Wednesday, December 03, 2008

The Trinity Doctrine in the Light of Reason

Okay, let us get down to brass tacks regarding the Trinity doctrine. Both Trinitarians and non-Trinitarians appeal to the Tanakh or Christian-Greek Scriptures (the New Testament) to substantiate their respective beliefs. But one hardly witnesses any gain from such discussions. For instance, it seems that something as simple as examining the Johannine Prologue (Gospel of John 1:1-18) ultimately proves unproductive in debates about the deity of Christ. Does John 1:1c say that the Logos "was God" or "a god" (NWT) or some derivation thereof? And the debate goes on.

Since I do not believe that most Trinitarians in cyberspace, at any rate, will ever cease being Trinitarians based on the preponderance of evidence from Scripture, I would like to put a somewhat basic question to Trinitarians.

In the case of humans, 3 persons = 3 beings or entities. But in the case of the three divine persons, we are led to believe that 3 persons = 1 God (i.e. one divine being or entity). How does this whole process work? How is it possible for 3 persons to equal 1 being?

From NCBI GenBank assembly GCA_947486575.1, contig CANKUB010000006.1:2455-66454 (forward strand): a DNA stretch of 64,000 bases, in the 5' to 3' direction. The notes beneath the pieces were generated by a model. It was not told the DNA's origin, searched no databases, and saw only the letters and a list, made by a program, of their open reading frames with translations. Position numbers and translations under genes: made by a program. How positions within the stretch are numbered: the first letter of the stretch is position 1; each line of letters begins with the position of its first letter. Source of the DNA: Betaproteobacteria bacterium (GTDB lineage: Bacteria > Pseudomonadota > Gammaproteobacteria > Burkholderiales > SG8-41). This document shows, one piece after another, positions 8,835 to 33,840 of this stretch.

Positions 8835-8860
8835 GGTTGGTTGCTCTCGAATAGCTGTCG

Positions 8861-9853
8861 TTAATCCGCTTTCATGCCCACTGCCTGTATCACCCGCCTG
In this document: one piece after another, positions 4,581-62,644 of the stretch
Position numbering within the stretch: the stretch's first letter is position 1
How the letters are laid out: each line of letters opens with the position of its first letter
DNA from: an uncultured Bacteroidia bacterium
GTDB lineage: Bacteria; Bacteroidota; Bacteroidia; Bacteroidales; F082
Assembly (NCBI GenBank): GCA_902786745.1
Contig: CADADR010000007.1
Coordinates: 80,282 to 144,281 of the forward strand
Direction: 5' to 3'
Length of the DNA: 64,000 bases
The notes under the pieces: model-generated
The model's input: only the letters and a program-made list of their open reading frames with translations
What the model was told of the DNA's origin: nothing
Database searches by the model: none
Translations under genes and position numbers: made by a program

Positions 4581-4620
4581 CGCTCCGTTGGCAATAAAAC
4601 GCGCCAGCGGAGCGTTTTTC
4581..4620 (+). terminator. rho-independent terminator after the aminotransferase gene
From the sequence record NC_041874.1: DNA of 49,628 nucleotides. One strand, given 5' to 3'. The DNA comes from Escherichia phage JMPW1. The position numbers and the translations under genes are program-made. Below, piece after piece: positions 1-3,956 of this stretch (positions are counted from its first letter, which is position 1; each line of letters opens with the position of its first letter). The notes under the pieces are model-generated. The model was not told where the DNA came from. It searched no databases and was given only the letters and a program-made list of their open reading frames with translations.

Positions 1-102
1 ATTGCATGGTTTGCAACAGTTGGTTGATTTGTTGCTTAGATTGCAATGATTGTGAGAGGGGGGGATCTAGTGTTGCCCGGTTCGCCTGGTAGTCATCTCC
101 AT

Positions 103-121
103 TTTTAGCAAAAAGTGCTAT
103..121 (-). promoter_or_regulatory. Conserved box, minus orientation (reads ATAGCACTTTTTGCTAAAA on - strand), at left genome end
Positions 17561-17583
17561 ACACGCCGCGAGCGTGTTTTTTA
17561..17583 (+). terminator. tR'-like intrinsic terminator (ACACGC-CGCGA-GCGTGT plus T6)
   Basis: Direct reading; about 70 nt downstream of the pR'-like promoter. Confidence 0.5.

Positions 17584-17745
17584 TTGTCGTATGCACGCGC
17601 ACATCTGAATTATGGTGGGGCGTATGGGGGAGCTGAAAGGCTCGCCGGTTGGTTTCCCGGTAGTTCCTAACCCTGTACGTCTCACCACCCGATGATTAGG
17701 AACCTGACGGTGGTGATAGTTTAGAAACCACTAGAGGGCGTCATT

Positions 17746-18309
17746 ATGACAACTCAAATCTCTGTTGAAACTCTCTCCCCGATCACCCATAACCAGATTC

One explanation that I have found for this question is that God is simple (i.e. God has no parts or composition, that is, God is non-mereological) whereas human persons are complex (i.e. mereological or they have parts). Due to the fact that God is simple, it is said that the only acceptable distinctions in God are the three persons. Yet this defense obviously evokes the question, how do we know that God is simple?

Thomas Aquinas certainly provides a rejoinder to this question in the Summa Theologica. But are his rejoinders satisfactory? Are there valid or sound arguments against divine simplicity? Can we find compelling arguments that seem to refute divine simplicity? I will address these questions in a separate post.

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